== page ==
UW Today

October 16, 2013

Lost and Found Films: Building the Space Needle, 1961

News and Information

We travel back in time 52 years for the latest installment of Lost and Found Films, to the 1961 construction of the Space Needle and the Monorail in downtown Seattle.

Lost and Found Films is an occasional UW Today series that shows off vintage footage from the UW Audio Visual Materials Library curated by film archivist Hannah Palin.

This three-minute bit of color footage shows the iconic orange structure of the 600-foot needle about half finished, and parts being lifted into place with a crane. Midway, the film shifts to a scene of the monorail’s T-like supports being installed along Fifth Avenue. Finally, we see a family walking along and pan upward to see the finished Monorail cruise by overhead.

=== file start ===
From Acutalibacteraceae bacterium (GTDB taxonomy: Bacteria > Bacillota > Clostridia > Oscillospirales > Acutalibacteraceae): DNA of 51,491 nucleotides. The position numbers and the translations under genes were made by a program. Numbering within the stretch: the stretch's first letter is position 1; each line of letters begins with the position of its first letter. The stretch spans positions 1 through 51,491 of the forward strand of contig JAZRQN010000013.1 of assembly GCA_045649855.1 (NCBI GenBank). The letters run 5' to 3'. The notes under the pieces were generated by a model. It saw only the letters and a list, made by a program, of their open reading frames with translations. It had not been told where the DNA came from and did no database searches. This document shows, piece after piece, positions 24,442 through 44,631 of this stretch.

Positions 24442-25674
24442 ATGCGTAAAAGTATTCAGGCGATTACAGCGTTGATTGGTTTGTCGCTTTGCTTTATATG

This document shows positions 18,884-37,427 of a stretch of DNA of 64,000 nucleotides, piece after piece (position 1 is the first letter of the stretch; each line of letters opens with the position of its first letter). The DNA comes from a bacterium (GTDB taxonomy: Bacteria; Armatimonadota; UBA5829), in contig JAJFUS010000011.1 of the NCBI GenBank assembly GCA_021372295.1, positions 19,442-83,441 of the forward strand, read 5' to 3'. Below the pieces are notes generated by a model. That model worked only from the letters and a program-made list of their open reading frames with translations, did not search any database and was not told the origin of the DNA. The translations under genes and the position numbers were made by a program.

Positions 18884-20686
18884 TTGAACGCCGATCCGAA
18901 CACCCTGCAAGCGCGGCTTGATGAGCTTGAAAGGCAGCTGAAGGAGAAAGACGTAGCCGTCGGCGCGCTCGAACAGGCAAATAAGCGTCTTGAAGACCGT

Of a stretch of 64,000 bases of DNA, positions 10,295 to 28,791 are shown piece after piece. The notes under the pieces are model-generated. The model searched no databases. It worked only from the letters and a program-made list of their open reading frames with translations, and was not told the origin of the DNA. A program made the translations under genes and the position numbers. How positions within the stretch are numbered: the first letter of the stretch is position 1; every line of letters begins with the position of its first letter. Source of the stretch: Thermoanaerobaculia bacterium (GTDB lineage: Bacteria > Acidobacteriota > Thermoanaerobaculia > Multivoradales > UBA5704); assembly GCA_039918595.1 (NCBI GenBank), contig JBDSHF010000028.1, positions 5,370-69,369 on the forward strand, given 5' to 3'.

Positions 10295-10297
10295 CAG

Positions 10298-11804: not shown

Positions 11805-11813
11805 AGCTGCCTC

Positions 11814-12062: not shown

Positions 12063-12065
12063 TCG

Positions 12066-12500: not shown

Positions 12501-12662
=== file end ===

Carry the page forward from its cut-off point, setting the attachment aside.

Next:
The family seen is the Rayner Heacock family of Vancouver, B.C., who donated decades of their home movies to UW Libraries.

Lost and Found Films has in recent years presented footage about which Palin wished to learn more information — from shadowy black-and-white snippets to thoughtfully created color campus productions. Readers responded with great personal memories and historical details.

Palin’s work identifying film snippets is now largely complete, but that’s no reason to stop running cool scenes from the UW’s vast archives of vintage film. If you have memories of the early Space Needle or its construction, use the comments field below.

You can learn a lot more about the Space Needle — which gets about a million visitors a year and is 848 steps from bottom to top — at its website.

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